VIPL's paper on the detection of facial action units is accepted by IEEE TPAMI
Date of publication：2020-07-16 Number of clicks: 5
Recently, VIPL's paper on facial action unit detection was accepted by IEEE TPAMI. IEEE PAMI, i.e, IEEE Transactions on Pattern Analysis and Machine Intelligence is a CCF-ranked-A top-tier Artificial Intelligence journal with a high IF score as 17.73. Below is a brief introduction of this work.
Yong Li, Jiabei Zeng, Shiguang Shan*. “Learning Representations for Facial Actions from Unlabeled Videos”, IEEE Transactions on Pattern Analysis and Machine Intelligence (TPAMI), 2020. (Accepted)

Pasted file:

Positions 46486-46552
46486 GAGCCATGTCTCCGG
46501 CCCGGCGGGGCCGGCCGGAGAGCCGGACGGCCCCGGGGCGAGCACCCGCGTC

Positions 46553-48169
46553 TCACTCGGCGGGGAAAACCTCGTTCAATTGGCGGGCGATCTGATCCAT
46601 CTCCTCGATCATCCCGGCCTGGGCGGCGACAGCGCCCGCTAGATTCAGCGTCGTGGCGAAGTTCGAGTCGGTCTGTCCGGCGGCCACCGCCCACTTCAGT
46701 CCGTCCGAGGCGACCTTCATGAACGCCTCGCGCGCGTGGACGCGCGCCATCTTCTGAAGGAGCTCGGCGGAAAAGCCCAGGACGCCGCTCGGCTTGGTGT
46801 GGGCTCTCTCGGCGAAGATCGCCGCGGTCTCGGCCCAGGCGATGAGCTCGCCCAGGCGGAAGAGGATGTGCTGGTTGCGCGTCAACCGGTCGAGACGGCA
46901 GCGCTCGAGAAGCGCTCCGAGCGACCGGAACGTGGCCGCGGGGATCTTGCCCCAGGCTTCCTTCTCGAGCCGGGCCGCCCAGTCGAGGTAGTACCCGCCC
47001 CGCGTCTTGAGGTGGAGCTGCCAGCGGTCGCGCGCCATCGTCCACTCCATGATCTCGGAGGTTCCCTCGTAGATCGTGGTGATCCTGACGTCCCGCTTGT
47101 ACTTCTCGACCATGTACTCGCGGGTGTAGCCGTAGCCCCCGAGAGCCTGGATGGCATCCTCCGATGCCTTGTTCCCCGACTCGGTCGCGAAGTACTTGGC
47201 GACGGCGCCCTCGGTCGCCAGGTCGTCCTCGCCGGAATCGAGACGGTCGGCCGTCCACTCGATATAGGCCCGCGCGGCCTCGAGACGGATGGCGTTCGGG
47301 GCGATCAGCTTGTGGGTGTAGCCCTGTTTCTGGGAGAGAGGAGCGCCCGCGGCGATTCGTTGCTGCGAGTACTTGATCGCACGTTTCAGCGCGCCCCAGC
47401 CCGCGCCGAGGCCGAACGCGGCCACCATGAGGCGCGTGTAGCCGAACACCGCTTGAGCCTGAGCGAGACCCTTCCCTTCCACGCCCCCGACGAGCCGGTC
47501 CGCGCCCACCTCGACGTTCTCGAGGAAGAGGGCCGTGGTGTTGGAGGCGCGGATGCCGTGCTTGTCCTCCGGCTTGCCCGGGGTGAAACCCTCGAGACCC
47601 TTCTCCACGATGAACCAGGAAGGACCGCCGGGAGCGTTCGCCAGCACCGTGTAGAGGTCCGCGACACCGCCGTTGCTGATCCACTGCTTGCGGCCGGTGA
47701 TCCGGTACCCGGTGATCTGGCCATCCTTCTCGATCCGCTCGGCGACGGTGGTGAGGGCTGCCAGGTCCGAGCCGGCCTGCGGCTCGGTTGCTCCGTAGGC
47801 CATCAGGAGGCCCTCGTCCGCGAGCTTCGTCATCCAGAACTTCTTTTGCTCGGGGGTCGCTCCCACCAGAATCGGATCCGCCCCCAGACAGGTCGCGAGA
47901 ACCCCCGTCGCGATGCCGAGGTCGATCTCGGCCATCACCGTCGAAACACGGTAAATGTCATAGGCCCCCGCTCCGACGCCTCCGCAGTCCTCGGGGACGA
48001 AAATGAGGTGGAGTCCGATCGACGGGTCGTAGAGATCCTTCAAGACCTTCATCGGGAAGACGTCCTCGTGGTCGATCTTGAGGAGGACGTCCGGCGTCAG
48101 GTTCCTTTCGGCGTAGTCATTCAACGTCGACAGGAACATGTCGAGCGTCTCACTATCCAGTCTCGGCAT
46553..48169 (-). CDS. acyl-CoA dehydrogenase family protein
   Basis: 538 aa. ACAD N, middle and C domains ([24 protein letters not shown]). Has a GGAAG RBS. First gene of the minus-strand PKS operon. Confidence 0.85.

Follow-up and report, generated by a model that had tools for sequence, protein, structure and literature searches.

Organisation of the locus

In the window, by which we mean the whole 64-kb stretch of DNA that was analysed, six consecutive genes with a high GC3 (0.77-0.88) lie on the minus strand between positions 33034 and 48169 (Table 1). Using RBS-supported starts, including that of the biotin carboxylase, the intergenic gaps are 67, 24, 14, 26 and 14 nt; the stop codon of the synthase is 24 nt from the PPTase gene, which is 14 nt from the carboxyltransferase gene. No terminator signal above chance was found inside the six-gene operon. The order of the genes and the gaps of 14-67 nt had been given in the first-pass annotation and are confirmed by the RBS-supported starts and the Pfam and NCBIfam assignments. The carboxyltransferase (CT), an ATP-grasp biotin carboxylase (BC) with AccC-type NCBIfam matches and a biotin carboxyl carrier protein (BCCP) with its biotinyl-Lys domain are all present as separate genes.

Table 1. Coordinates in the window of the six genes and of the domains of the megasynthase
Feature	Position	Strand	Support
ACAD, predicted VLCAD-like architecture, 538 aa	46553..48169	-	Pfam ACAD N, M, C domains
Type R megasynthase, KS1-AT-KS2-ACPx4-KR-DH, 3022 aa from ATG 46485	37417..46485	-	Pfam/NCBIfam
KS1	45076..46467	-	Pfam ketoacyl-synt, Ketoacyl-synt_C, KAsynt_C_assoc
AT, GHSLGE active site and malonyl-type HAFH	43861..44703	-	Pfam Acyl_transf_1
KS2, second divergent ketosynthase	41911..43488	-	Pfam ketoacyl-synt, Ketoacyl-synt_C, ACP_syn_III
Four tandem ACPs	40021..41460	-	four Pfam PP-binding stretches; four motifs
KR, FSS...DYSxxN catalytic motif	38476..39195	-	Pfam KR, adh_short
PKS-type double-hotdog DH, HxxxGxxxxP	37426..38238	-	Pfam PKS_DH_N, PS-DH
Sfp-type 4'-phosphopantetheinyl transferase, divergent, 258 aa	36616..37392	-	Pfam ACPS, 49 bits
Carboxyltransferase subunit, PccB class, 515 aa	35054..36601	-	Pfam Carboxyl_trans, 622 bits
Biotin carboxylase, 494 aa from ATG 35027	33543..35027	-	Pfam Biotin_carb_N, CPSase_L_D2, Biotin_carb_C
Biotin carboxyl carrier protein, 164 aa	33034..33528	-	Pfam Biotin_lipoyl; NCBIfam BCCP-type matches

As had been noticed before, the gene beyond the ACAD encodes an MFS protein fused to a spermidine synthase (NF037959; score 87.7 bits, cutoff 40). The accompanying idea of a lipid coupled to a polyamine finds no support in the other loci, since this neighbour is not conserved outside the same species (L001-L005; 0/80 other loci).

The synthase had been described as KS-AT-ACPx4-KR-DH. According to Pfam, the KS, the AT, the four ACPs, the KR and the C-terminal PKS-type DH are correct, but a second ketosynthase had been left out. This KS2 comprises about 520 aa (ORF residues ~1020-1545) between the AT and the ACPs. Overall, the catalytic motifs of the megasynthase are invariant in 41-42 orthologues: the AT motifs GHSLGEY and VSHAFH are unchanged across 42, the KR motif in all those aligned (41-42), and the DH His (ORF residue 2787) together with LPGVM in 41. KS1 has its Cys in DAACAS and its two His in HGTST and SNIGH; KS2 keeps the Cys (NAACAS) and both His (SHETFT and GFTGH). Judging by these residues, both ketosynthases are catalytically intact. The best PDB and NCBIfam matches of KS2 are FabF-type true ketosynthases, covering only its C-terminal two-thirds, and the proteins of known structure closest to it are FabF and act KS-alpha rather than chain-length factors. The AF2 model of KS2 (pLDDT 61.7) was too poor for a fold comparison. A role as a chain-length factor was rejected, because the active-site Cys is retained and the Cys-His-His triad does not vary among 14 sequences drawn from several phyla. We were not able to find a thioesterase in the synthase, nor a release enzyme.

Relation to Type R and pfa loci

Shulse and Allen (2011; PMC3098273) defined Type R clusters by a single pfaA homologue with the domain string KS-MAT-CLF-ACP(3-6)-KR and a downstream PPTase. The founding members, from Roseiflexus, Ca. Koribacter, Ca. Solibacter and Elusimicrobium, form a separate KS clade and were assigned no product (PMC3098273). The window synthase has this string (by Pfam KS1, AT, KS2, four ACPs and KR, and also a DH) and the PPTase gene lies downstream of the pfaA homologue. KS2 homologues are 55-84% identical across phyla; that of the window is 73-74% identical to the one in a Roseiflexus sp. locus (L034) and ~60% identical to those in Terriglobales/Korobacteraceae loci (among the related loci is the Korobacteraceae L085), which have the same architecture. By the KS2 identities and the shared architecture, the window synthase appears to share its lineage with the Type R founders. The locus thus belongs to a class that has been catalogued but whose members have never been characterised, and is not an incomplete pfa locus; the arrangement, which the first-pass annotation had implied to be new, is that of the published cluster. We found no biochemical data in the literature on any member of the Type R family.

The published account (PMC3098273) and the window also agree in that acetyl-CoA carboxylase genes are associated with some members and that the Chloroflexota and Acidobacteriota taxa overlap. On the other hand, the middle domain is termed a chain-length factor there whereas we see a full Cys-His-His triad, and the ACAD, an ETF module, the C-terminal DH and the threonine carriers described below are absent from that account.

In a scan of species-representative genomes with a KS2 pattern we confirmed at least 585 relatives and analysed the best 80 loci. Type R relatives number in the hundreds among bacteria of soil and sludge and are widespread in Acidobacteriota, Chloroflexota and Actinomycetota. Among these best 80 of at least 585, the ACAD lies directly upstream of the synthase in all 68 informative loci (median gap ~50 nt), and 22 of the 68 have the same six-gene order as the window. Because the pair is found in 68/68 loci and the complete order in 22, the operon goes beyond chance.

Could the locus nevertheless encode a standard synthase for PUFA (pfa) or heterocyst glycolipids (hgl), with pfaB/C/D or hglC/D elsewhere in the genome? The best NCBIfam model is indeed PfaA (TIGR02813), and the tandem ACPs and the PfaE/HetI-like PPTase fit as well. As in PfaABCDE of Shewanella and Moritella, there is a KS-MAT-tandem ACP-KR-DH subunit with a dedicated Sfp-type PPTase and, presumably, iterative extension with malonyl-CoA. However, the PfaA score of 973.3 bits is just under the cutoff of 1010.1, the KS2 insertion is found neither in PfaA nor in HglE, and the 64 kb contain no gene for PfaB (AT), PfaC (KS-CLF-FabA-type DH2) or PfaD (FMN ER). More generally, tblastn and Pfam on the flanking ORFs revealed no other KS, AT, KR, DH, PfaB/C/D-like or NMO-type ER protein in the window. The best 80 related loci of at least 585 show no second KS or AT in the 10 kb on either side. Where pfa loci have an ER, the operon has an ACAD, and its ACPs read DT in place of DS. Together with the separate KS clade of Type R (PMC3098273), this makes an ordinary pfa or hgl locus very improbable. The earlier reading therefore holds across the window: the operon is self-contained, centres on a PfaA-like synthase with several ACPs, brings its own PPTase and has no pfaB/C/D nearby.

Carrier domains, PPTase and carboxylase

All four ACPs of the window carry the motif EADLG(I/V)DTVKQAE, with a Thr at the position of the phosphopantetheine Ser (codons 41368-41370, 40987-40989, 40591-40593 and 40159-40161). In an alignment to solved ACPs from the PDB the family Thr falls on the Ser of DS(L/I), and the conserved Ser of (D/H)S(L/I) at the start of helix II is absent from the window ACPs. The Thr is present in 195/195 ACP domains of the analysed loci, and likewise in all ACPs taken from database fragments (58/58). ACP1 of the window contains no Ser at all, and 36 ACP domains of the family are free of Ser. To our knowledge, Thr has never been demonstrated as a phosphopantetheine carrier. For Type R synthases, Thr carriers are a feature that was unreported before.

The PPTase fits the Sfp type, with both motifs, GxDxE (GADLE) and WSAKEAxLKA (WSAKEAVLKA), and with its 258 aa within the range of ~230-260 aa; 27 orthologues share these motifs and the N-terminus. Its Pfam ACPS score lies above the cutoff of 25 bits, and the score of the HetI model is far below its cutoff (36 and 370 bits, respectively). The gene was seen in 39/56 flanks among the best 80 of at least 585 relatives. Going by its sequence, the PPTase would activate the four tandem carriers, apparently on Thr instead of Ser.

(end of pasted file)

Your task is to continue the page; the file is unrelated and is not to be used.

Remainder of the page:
The facial action coding system (FACS) is the most comprehensive, anatomical system for encoding expression. FACS defines a unique set of about 30 atomic non-overlapping facial muscle actions called Action Units (AUs), nearly any anatomical facial activity can be described with combinations of AUs. Automatic AU detection has drawn significant interest from computer scientists and psychologists over recent decades, as it holds promise to an abundance of applications, such as affect analysis, mental health assessment, and human-computer interaction. However, the labelling of AUs demands expertise and thus is time-consuming and expensive. To alleviate the labelling demand, we propose to leverage the large number of unlabeled videos by proposing a Twin-cycle Autoencoder (TAE) to learn discriminative representation for facial actions. TAE is inspired by the fact that facial actions are embedded in the pixel-wise displacements between two sequential face images (hereinafter, source and target) in the video, learning the representations of facial actions can be achieved by learning the representations of the displacements. However, the displacements induced by facial actions are entangled with those induced by head motions. TAE is thus trained to disentangle the two kinds of movements by evaluating the quality of the synthesized images when either the facial actions or head pose is changed, aiming to reconstruct the target image. The framework of TAE is illustrated in the Fig.1. Experiments on AU detection show that TAE-learned representations are discriminative for facial actions and TAE is comparable to other existing AU detection methods. TAE’s ability in decoupling the action-induced and pose-induced movements is also validated by visualizing the generated images and analyzing the facial image retrieval results qualitatively and quantitatively.